A Samoan and a New Zealander, whose decision to sell rental cars landed them in jail, will be sentenced tomorrow. The sentencing of Vaioleti Stowers and Grant Newman Holland was scheduled for yesterday.
However, the prosecution’s failure to provide a written submission to Court in time meant Supreme Court Justice Elizabeth Aitken could not proceed.
Yesterday, Justice Aitken expressed concerns with the Office of the Attorney General, for the delay in submitting its final submission against Stowers and Holland.
Justice Aitken received the prosecution’s submission an hour before sentencing the defendants, and said she could not read through the long document in time.
“I have raised this so many times, if you go to the trouble of writing submissions, then make a point to submit them, but not an hour before sentencing,” said Justice Aitken.
Lucy Sio appeared on behalf of the Attorney General’s Office and apologised to the Court for the delay.
Justice Aitken also asked for Stowers’ previous convictions record, however the prosecution failed to provide them, informing the Court that they brought the wrong file and apologising again.
“My apologies your honour, I have brought a different file instead of the defendant’s previous conviction file,” said Ms. Sio.
Justice Aitken was concerned about this failure by the A.G’s Office and adjourned the matter to 10am Friday for sentencing, to give her time to consider the submission properly.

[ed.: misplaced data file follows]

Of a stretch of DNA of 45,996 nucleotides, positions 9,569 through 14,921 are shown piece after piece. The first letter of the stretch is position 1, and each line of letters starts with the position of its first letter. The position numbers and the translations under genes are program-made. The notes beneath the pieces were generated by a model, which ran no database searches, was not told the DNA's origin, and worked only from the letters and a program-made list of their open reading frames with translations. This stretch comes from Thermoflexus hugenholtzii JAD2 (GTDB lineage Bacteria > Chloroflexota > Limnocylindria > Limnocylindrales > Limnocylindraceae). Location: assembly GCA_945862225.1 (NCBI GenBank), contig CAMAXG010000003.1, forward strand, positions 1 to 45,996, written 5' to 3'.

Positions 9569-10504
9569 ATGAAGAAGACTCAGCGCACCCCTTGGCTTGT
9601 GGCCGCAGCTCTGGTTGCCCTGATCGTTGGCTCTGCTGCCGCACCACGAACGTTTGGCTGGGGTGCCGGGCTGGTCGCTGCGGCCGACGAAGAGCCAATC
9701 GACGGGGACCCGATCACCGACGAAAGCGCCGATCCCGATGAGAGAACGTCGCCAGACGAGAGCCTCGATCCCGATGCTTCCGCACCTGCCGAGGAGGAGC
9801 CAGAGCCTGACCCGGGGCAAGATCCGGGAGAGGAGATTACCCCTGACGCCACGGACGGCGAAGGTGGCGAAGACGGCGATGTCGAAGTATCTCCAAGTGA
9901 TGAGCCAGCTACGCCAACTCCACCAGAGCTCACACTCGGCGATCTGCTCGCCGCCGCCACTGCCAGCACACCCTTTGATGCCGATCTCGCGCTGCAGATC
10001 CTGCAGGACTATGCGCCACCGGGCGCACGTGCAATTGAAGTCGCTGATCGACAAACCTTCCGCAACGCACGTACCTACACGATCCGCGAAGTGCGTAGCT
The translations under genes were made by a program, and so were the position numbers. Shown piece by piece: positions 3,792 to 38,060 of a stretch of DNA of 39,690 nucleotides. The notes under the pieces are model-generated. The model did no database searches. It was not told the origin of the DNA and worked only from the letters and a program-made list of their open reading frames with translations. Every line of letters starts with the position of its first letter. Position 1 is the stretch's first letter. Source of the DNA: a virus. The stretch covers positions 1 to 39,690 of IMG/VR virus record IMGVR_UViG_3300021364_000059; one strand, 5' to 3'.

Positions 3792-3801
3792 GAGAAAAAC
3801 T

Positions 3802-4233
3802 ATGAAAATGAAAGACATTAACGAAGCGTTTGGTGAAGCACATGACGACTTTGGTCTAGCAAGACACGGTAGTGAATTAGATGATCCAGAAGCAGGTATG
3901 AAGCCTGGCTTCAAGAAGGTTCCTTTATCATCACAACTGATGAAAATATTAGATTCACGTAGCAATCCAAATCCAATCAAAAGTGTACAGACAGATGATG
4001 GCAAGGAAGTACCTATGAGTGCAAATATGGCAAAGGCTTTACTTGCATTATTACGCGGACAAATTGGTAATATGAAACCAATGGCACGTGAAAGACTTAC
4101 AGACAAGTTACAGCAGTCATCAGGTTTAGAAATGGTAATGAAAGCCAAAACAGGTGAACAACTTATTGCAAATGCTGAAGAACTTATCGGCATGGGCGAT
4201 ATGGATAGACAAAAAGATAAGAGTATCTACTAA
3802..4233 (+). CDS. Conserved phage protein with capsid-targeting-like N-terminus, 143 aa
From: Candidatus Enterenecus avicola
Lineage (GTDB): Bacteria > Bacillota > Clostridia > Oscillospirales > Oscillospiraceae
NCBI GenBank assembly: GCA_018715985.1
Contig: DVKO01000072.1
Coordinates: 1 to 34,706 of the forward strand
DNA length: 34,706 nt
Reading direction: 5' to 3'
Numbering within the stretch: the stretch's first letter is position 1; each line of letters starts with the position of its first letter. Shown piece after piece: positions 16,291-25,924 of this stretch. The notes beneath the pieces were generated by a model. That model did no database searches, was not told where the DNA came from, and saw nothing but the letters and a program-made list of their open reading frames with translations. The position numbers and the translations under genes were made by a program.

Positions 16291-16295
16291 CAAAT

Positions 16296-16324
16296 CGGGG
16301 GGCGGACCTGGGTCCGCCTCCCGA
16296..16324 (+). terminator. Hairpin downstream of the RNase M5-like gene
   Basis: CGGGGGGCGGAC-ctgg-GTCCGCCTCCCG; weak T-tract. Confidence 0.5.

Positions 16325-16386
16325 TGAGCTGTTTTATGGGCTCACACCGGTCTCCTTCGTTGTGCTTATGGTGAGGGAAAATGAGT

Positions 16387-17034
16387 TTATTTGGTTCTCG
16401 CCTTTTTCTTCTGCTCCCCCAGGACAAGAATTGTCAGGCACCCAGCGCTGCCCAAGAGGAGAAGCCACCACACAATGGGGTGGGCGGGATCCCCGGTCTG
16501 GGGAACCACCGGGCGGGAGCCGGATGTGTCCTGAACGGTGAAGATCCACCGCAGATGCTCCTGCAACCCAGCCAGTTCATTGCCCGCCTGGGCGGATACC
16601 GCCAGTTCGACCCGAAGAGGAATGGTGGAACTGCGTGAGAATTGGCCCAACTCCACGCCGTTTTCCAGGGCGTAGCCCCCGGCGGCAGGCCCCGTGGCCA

Stowers’ lawyer Rosella Papalii agreed with the adjournment as she was not in a position to make any submissions in regards to her client, because the submission was also served late to her yesterday morning.
Stowers pleaded guilty to six charges of theft on 12 November, 2015, and Holland was found guilty on all charges on 24 November, 2015.
Holland asked the Court for a one-week adjournment so he could contact his lawyer, who is in Samoa.
“There is no record of any lawyer during the trial but you have to provide proper documents to prove this lawyer,” said Justice Aitken.
He said he just learned that his lawyer is operating under a different name.
Justice Aitken said it was an unusual practice but he needed to provide proper information, and if so, he needed to bring his lawyer on Friday, or else he would have to represent himself again.
Both defendants were involved in renting six cars from two car rental companies early this year.
They sold the cars to various buyers, including police officers.